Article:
Rethinking federal investments: We need virtual power plants, not hydrogen hubs

Rethinking federal investments: We need virtual power plants, not hydrogen hubs
(Solar rooftop homes in Austin, Texas. Image: 123rf)

The Department of Energy is providing taxpayer money to electric utilities like Xcel Energy to set up Hydrogen Hubs to enable 100% clean energy. Hydrogen Hubs are a complete waste of federal dollars. Instead, these dollars should be spent on virtual power plants.

The federal government needs to learn the lesson from community solar garden growth in Minnesota. Due to the high growth of CSGs, Xcel is having trouble interconnecting rooftop solar because there is no distribution system capacity. Hydrogen-powered combustion turbines will similarly take up the limited transmission grid capacity.

Additionally, states like Minnesota for Xcel Energy’s hydrogen hub do not make sense because Minnesota has not fully explored the potential for behind-the-meter solar and storage. Even in states like California, which is known for mandates for solar and storage, there are reports that few are buying hydrogen-powered fuel cell cars compared to electric vehicles.

Finally, if the grid realities are less convincing, there is a risk of “greenwashing” and spikes in electricity prices and emissions with clean hydrogen. US Congress representatives and clean energy organizations are asking the Treasury Secretary to ensure that hydrogen production does not come at the expense of existing renewables. Hence, the federal government should stop wasting our taxpayer money on hydrogen hubs and instead put more money into VPPs.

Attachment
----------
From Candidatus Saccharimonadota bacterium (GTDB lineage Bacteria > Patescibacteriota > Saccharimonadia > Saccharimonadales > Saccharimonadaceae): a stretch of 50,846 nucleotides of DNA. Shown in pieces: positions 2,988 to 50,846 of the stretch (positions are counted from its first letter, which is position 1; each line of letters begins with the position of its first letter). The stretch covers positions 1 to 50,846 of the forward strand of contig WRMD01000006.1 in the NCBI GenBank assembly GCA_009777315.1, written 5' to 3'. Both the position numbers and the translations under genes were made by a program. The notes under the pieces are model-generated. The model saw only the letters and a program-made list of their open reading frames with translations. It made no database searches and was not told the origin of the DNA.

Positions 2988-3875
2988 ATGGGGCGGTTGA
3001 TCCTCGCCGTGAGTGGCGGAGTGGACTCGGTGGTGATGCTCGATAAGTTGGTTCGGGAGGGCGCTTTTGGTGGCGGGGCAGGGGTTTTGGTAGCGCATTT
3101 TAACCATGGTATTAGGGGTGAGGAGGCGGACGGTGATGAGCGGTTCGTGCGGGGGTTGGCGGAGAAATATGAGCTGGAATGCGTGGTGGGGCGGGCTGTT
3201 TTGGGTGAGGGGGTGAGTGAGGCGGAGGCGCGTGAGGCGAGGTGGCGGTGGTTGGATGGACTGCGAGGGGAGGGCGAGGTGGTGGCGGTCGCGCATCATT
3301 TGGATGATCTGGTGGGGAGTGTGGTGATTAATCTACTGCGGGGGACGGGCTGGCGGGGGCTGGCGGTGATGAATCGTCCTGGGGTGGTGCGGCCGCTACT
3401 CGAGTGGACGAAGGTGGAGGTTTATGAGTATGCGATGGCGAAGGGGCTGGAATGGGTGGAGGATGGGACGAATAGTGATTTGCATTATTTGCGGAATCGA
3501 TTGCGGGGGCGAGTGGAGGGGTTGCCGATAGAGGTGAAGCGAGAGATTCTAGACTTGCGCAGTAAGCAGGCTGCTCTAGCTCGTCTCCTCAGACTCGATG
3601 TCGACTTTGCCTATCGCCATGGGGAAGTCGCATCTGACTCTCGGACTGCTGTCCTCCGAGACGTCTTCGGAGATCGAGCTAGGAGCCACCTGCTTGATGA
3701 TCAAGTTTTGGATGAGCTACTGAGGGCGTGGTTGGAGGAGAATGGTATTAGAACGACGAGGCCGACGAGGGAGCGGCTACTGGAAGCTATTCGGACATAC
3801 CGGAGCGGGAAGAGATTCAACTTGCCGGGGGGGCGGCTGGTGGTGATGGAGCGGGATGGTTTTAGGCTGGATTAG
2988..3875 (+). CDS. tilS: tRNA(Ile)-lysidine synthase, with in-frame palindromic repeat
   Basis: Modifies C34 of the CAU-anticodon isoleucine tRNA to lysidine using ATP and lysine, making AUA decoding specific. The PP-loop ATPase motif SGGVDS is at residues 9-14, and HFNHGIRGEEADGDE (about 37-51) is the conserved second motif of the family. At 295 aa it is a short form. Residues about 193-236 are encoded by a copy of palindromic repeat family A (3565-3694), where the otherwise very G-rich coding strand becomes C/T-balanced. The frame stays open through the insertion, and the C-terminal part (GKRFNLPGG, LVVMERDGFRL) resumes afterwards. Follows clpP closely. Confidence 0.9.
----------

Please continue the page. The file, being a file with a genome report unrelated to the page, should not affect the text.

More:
We need VPPs, not hydrogen hubs

Clean hydrogen, which is hydrogen production from renewable energy sources like solar and wind, can reduce harmful emissions from dirty power plants, which are rarely used, and promote the health of electric grid consumers. Hydrogen funding makes sense in a state like California, which has mandated by legislation a carve-out for behind-the-meter solar and storage in addition to driving the bus on utility-scale renewables.

This storage mandate is the main reason why, by the end of 2023, California is expected to interconnect 8,500 MW of energy storage to the transmission and distribution grid. 80% of that 8,500 is utility-scale (so utilities still have a share of the ratepayer pie), but the remaining 20% is the residential, commercial and industrial sectors. In contrast, Minnesota has no utility-scale energy storage in operation today and less than 20 MW of behind-the-meter storage. Additionally, California has 1.5 million rooftop solar systems installed, but Minnesota had only 19,000 at the end of 2022.